Memo Date: August 25, 2013 To: Jamie Granger From: Olivia Okuma Subject: Executive Summary of the Article “Teaching Smart People How to Learn” The Learning Dilemma The following paper is an Executive Summary of the article “Teaching Smart People How to Learn”, by Chris Argyris. The article examines how professionals lack the ability to learn. The issue is more prevalent in successful professionals because they do not know how to deal with failure appropriately, due to limited or no coping skills. When placed in difficult situations, professionals become defensive, therefore blocking the process of learning. Professionals can be taught how to learn, but in order for this change to be successful it needs to start with upper management.
“ For the important purpose of placement, if one can establish in the student that belief that one is testing not to grade and make invidious comparisons, but for his own advantage, the student should normally seek his own level, where he is challenged and yet capable, rather than trying to get by” (Goodman 21). In this aspect Goodman considers grading a bad tool of assessment since it prevents meaningful teaching as well as genuine learning. However, Goodman’s proposal to abolish grades is unrealistic since grades motivate and encourage students to study harder; grades inform both the teacher and the students about what has or has not been learned, and also grades are used by future employers as a measure of a person’s ability to work hard, to withstand pressure and stress. In today’s highly competitive world, having good grades is a valuable asset. Knowing that at the end of a course, if you apply yourself, you get an A that will get you closer to your next step in your career is a motivating force that carries you through college.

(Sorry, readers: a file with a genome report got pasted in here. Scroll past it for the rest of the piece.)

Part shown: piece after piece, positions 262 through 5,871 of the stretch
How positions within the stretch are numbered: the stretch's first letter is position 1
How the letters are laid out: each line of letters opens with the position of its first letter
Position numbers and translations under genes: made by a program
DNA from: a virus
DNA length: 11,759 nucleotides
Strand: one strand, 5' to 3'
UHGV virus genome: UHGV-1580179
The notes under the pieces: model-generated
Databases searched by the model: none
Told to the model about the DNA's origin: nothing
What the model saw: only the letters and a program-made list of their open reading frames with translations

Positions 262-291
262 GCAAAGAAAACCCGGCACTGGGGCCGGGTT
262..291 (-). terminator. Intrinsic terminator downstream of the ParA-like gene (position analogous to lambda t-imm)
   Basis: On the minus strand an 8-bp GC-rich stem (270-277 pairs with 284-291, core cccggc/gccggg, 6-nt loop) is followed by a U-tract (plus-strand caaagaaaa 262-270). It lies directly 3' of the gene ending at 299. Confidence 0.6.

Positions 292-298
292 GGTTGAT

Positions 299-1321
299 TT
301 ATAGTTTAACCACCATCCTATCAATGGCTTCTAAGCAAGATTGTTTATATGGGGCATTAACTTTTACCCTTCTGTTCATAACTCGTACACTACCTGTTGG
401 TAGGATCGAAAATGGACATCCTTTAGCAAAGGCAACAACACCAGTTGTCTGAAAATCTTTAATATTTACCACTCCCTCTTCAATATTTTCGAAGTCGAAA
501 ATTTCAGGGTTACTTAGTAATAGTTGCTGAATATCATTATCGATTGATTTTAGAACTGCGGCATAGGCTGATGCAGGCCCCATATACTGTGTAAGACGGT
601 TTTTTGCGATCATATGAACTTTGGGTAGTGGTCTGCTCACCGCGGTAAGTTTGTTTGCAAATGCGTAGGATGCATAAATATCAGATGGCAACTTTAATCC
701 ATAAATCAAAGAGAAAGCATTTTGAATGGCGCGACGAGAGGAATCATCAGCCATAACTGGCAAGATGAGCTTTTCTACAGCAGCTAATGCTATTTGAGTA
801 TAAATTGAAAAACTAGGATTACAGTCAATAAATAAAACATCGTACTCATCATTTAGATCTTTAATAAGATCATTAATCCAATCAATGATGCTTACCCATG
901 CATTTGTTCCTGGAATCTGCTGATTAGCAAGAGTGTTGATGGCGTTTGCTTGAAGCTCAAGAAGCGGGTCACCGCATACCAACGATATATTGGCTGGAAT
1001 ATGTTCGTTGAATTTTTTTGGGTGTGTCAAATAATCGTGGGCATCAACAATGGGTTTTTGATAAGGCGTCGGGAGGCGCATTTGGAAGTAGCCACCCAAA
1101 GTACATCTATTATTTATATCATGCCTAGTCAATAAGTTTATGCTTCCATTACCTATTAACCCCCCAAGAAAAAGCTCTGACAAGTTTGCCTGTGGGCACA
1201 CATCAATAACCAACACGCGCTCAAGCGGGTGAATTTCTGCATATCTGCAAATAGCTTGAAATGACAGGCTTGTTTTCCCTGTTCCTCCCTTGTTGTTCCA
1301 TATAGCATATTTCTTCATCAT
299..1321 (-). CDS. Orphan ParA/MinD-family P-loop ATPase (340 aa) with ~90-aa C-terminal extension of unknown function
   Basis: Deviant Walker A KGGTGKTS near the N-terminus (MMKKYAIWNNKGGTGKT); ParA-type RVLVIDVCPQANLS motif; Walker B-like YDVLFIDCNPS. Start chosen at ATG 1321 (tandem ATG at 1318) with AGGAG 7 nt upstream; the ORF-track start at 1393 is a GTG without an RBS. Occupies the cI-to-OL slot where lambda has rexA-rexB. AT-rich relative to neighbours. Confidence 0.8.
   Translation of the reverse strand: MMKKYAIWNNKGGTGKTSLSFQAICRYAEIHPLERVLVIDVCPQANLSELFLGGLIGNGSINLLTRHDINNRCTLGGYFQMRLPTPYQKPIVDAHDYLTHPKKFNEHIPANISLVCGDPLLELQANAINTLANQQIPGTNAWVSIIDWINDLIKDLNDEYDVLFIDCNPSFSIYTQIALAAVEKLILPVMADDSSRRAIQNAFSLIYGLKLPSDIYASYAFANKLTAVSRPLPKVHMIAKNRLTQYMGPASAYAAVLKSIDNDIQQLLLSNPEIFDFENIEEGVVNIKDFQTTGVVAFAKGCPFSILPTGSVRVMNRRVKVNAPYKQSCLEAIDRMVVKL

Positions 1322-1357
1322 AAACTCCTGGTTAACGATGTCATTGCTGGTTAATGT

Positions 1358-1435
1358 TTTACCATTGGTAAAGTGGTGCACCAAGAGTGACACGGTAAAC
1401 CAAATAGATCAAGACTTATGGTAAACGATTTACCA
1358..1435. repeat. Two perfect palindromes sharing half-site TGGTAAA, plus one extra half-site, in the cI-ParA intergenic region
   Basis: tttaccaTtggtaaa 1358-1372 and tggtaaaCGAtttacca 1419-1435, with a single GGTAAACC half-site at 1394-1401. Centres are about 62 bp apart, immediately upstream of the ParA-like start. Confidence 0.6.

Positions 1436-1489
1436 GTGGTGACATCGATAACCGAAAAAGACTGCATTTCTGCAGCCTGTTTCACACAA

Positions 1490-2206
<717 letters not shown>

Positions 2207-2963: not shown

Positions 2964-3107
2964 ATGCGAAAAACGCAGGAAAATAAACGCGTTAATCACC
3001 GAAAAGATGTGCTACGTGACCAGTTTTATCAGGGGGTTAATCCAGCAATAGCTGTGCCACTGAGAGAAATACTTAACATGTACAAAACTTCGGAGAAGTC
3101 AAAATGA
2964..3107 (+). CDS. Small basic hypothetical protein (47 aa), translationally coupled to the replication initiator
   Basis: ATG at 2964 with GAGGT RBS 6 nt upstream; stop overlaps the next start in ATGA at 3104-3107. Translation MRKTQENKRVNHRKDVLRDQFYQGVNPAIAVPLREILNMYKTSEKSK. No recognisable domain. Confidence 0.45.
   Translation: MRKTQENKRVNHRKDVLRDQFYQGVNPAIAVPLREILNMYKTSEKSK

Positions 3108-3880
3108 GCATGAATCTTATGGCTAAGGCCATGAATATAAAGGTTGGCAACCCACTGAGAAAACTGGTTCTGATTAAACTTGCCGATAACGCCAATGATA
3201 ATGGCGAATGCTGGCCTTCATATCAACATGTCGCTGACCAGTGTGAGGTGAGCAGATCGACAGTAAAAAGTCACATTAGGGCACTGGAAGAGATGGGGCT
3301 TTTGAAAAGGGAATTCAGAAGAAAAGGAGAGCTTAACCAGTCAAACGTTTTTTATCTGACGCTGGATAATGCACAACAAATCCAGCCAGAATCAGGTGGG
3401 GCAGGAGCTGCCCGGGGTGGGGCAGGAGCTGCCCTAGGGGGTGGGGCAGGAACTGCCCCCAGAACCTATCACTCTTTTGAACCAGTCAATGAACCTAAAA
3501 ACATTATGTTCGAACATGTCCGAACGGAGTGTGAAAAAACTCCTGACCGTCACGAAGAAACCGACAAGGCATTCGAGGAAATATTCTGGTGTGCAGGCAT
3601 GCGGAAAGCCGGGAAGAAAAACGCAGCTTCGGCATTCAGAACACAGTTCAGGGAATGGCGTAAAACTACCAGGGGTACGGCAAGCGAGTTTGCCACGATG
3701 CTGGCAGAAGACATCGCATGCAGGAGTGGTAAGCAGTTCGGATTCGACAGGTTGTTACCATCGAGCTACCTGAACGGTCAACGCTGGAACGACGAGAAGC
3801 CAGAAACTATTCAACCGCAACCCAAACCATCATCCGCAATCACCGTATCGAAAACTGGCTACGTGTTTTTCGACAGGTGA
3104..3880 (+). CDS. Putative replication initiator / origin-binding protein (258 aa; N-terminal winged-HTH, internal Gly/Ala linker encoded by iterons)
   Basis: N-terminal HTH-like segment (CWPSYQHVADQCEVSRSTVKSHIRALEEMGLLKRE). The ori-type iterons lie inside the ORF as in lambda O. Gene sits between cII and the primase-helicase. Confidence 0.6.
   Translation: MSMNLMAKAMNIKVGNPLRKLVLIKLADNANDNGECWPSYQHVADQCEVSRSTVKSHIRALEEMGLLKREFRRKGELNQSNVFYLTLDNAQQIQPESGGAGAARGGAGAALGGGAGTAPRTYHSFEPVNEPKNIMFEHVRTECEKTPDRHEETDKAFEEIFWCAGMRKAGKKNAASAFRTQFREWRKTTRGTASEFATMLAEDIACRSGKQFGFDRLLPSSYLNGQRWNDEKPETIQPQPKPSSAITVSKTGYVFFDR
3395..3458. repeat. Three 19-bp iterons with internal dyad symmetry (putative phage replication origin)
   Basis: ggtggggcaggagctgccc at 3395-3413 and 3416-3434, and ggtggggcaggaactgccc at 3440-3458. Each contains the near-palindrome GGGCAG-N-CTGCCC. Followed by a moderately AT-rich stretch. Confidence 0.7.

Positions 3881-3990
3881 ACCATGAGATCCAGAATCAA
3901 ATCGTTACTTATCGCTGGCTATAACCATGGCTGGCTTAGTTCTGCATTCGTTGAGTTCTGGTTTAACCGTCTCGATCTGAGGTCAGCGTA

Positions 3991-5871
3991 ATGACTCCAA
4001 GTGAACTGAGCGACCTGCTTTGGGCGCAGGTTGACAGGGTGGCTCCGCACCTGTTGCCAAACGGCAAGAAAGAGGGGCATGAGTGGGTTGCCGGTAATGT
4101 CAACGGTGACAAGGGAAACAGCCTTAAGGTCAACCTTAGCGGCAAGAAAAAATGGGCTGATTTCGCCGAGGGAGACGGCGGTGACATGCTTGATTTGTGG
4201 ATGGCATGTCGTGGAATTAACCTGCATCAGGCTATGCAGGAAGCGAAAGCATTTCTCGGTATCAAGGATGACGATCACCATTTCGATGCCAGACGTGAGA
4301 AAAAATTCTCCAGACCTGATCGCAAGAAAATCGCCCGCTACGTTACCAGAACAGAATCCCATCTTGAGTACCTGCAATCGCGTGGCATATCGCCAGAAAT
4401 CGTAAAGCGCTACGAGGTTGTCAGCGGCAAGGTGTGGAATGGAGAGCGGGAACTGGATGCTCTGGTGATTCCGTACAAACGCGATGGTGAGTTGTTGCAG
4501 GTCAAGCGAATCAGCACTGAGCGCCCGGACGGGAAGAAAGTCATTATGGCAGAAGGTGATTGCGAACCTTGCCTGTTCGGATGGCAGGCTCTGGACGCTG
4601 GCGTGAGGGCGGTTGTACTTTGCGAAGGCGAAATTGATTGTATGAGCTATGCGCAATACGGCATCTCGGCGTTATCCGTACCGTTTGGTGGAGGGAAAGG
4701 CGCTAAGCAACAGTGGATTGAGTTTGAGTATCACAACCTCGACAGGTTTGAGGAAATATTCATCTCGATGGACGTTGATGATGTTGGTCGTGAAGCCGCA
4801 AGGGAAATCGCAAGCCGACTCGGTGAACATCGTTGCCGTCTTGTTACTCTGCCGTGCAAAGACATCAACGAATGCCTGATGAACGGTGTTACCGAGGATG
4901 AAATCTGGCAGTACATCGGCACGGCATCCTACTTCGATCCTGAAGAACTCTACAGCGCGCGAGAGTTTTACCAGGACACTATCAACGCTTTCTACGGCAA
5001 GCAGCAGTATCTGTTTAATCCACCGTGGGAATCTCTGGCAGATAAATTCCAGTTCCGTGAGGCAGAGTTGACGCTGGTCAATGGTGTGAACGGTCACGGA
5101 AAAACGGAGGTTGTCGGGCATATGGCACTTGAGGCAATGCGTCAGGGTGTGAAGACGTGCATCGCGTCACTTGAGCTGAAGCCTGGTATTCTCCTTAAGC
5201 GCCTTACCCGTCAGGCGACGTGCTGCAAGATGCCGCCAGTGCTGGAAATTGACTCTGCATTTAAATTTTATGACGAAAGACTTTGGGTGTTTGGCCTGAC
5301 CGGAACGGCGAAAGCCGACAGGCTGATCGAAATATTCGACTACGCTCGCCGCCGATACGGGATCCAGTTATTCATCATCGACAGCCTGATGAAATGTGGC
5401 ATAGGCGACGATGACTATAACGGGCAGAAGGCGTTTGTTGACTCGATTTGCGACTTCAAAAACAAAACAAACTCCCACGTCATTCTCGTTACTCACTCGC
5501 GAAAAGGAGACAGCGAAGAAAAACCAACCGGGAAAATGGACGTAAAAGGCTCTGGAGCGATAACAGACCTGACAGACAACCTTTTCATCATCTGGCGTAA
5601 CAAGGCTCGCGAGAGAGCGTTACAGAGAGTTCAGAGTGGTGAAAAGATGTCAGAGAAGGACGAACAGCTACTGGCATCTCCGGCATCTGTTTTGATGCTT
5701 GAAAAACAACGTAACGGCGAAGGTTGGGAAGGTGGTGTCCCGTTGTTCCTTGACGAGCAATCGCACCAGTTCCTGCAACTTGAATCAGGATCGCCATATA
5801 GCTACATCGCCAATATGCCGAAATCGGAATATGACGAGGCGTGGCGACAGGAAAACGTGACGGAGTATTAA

The cognitive approach focuses on the importance of internal processes of the mind – such as thinking. They see our behaviour is a mixture of learning (conditioning) and thoughts. When we have psychological distress, it comes from errors in thinking, such as irrational thoughts or mustabatory thinking, e.g. “I must be the best at everything or I am useless”. The aim of RET is to restructure these irrational thoughts into positive and rational ones to make the person feel better about themselves.
Their classmates may not find it okay for them to get good grades while they do nothing, while the classmates study hard and long to get the grades that they do. It can also lead the professor to think that the class is too easy. They may feel the need to increase the level of difficulty. Those in the class may not think that is fair either. If a professor finds that a person is cheating, they have to report them to the main office of the college, this can lead to difficulties for a student.
One of the ways which learners can feel comfortable is when they know what behaviour is expected from them and what behaviour can be expected from the programme leader. Setting Ground Rules From The Beginning When ground rules are not established from the beginning of the programme of learning, the course leader runs the risk of not creating the right learning environment. Therefore it can result in fewer / lower academic achievements due to some course participants feeling uncomfortable with the poor behaviour of others. Examples of poor behaviour may include offending others, disruptive behaviour, bullying and harassment and showing no regard to equality legislation. Ground rules must be set right at the beginning of the course to reduce the likelihood of any of the problems above.